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Health Care

How do health care reform and taxes connect? The Affordable Care Act is single largest change to the tax code in two decades. Find help navigating the complexities of the new health care legislation, Medicare, Medicaid and other medical deductions.

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Pioneer
Posts: 1
Registered: ‎10-24-2017

Married and ACA

[ Edited ]

Hello My husband and I were married August of 2016. We filled our taxes married and filing jointly for 2016 and plan to do so for 2017. For our health insurance for 2017 we both purchase through a marketplace. We did not qualify for the tax credit if we jointly got insurance so we applied for separate  insurance to get the credit because we could not afford if we applied together. My question is if we keep doing it this way are we going to get penalized on our taxes? Would it be better for us to file our taxes married but sperately ? We did it the first year not knowing any better but do not want to continue if we are going to get in trouble. We are in Minnesota if that helps any. Any help would be appreciated

 

Tax Pro
Posts: 5,780
Registered: ‎02-23-2016

Re: Married and ACA

Hi prettybear13,

 

 

Welcome to the H&R Block community.

 

So when you apply for marketplace insurance whether or not you get the credit is based on the total income of everyone on your tax return, regardless of whether you file jointly or separately.  If you file using the married & filing separately then you must repay every penny of the tax credit with your tax return without exception, so you'll want to file jointly.

 

The credit is based on income, so when you file jointly the total of both your income & your spouse's income is entered at the top of Form 8962.  Then, if you have any dependents who have an income you have to add theirs to the total on Form 8962 as well.  So, if your total income is $50,000 then how much premium tax credit you qualify for will be based in part on an income level of $50,000.

 

With two people (you and your spouse) the federal poverty line is $15,930.  The way the 8962 works is that the amount you have to contribute to the cost of your premium before applying tax credit is based on what percentage of the poverty level your income is at.  If your income is within 400% of the federal poverty level you'll qualify for at least some credit.  So for two people with a total income of $50,000 you're at 314% of the federal poverty level.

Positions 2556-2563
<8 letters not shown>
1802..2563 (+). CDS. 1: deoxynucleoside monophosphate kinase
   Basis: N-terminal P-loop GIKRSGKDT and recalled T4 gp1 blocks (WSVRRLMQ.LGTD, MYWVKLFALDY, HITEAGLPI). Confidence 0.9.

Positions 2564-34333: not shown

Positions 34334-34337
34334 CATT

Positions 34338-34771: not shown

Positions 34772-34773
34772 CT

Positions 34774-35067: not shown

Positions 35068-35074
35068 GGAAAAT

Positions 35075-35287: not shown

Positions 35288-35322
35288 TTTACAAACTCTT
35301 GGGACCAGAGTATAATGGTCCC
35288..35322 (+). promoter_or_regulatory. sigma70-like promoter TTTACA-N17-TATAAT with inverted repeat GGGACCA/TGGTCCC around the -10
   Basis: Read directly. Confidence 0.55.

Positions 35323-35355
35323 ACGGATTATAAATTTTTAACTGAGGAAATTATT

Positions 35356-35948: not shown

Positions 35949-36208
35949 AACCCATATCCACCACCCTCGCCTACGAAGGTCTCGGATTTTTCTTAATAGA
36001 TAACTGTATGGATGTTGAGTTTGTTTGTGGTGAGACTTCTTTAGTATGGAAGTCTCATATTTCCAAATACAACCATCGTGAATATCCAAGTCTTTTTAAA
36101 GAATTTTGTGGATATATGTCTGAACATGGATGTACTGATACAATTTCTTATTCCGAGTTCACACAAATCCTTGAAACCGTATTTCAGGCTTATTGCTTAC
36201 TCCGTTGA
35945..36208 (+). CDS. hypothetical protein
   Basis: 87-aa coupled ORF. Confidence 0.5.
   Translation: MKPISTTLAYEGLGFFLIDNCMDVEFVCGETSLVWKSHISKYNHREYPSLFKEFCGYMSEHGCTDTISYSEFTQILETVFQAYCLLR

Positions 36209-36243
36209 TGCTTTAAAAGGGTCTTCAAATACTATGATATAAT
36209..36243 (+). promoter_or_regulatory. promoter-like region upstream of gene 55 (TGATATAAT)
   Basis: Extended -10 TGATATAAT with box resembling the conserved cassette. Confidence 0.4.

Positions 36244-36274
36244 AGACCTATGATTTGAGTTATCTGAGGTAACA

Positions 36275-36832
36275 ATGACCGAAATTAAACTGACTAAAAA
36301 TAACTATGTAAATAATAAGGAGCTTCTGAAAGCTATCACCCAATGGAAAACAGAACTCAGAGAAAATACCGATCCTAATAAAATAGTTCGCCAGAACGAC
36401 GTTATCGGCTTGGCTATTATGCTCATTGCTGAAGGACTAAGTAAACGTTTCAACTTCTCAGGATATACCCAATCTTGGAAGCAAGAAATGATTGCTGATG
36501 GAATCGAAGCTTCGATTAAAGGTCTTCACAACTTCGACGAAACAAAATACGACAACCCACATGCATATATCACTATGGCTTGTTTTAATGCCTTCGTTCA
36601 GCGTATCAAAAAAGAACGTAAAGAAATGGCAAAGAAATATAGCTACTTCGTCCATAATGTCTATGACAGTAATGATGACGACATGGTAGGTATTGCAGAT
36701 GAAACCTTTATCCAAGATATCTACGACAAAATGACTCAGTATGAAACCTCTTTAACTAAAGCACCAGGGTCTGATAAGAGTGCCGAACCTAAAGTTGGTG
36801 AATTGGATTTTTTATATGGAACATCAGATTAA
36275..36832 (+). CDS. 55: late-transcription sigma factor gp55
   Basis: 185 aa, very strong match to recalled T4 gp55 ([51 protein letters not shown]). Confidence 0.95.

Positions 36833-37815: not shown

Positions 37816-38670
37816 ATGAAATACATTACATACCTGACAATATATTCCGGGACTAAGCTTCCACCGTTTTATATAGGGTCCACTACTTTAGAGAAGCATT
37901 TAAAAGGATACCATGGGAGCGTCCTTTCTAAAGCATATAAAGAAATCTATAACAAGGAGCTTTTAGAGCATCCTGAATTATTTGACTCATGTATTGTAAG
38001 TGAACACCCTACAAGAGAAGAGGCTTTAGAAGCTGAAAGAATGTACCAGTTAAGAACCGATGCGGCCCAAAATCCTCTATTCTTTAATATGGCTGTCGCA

From there, your income is multiplied by a decimal determined by a calculation that's too lengthy to explain here, but the IRS has the decimal values already figured for all income levels within 400% of the FPL and you can find them in the 8962 instructions.  So for 314% of the FPL your income is multiplied by 0.0966, and $50,000 * 0.0966 is equal to $4,830.  This is your annual contribution to your insurance premium before receiving tax credit.  Divide $4,830 by 12 and your monthly contribution is $403.

 

The amount of credit for which you are eligible is the lesser of your premium amount or the amount equal to your second lowest cost silver plan premium (Forms 1095-A & 8962 Column B) less your contribution amount.  So if your annual premium amount is $5,000 and your annual SLCSP premium less your annual contribution amount is equal to 6,000 - 4830 then your maximum allowable premium tax credit is $1,170.

 

If your combined income is higher you will be eligible for less credit.  If it's lower you'll be eligible for more credit.  You may be eligible for credit on the 8962 when you officially reconcile everything for the year even though you weren't eligible when you applied for insurance.  All you can do when you apply for the insurance policy and get the credit is estimate your income for the year as best you can.  The 8962 is what ultimately determines your credit.

 

So as you can see there's a lot to this, there's not really an easy answer, and I'm not done yet, but at the same time none of this is bad news and you're not going to be in trouble or anything like that although if your income is too high you may end up repaying some or all of the credit you received (that's the worst that can possibly happen).

 

Did either of you have marketplace insurance before you were married in 2016?  If so you'll want to let me know that because there's a special calculation for the year of marriage that may save you some money if you didn't complete it.  Also, if you can provide me with your income levels and the amount of premium tax credit you received I'll be able to give you an idea of where you stand on the Form 8962.

 

The ACA tax provisions are one of my areas of expertise, so if you have any other questions I'll be glad to help.

 

 

Louis,

Senior Tax Advisor (Tampa, FL)